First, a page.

Talking heads have found such moves not merely poor form but disconcerting. Former assistant Secretary of Defence during the Reagan administration, Lawrence Korb, was concerned with appearances. “This is purely an act of retaliation by a president thinking more about his petty grievances than about the good of the country.” It conveyed a “message… that Trump is going to continue his disruptive policies for the rest of his time in office.”
House speaker Nancy Pelosi saw a continuing pattern of behaviour. “The abrupt firing of Secretary Esper is disturbing evidence that President Trump is intent on using his final days in office to sow chaos in our American Democracy and around the world.” Nothing new on that front, then.
Similarly, Rep. Adam Smith, a Washington Democrat, was concerned that others – namely the enemies of the United States – might be enthused by such cavalier sackings. “Dismissing politically appointed national security leaders during a transition is a destabilizing move that will only embolden our adversaries and put our country at greater risk.”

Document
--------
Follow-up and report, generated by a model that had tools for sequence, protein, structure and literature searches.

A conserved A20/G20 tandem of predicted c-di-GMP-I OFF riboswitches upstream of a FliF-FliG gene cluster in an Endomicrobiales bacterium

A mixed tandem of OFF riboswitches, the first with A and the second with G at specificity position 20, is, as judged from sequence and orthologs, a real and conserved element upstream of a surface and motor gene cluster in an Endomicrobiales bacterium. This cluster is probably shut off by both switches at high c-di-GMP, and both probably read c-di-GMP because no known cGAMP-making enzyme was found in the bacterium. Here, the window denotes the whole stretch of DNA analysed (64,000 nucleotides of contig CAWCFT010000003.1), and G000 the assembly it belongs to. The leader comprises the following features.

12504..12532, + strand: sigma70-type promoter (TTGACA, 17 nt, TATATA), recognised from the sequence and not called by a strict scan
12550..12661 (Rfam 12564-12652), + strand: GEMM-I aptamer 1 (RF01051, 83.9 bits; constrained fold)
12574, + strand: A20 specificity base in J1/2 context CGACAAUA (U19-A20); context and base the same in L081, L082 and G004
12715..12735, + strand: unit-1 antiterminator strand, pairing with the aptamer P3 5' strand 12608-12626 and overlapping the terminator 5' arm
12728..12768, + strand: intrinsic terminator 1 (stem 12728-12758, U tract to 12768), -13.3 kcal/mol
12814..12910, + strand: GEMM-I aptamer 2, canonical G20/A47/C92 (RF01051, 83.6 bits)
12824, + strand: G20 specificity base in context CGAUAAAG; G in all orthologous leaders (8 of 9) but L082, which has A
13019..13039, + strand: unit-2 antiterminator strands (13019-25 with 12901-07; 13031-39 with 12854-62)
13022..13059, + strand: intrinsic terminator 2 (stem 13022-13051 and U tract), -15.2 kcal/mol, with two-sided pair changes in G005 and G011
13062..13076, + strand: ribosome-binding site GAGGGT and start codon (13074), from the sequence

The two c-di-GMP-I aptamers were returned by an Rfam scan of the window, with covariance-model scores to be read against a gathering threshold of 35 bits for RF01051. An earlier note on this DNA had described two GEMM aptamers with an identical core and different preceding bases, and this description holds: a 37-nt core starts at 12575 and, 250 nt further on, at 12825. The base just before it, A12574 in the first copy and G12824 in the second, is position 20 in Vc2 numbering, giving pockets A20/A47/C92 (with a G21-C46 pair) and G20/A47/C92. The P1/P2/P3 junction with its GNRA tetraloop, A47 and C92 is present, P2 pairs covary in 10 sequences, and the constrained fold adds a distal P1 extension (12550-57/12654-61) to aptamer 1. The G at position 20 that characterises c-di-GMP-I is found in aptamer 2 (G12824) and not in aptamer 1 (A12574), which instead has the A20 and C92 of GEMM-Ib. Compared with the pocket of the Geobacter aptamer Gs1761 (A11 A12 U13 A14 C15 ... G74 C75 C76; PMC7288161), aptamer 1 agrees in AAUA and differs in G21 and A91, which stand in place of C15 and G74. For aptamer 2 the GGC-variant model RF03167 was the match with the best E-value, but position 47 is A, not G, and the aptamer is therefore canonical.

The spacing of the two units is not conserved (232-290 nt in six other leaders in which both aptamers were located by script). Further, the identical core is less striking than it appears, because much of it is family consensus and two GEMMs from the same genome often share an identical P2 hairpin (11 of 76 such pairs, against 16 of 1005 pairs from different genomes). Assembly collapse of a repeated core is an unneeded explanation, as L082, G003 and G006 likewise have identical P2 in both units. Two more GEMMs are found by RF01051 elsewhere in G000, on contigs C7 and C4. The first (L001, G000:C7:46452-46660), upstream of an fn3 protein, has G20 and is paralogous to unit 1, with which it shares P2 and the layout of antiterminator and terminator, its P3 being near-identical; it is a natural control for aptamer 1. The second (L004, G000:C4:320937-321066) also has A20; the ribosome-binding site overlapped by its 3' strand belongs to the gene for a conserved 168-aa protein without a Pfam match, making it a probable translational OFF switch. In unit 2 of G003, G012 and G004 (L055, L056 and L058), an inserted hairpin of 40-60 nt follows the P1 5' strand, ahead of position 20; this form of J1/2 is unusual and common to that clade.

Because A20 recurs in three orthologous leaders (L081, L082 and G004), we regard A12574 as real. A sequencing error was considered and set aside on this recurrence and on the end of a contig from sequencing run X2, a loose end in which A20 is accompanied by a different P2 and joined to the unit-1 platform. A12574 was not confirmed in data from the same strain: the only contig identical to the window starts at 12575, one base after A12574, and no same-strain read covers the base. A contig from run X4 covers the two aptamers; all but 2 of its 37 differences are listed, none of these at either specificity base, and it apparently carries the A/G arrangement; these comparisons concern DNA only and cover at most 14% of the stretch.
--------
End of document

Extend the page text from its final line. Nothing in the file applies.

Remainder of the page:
Conservative think tankers such as Kori Schake at the American Enterprise Institute agree, suggesting that Trump was not living up to the expectations of the imperial military establishment. “Firing a competent defence secretary within two months remaining in his term is exactly the kind of petty recklessness that made so much of the Republic defence establishment support Joe Biden for president.”
Given the tenure of the Trump administration, and the propensity to prevent appointees from resting on their laurels, it is doubtful whether these adversaries would care one way or the other. But the psyche of the imperium not only demands lusty enemies, but demands that they take interest, gazing across oceans and deserts at what Freedom’s Land will be up to next. Democratic Senator from Virginia Mark Warner promotes the worn view that “our adversaries are already seeking vulnerabilities they can exploit in order to undermine American global leadership and national security during this transition period.”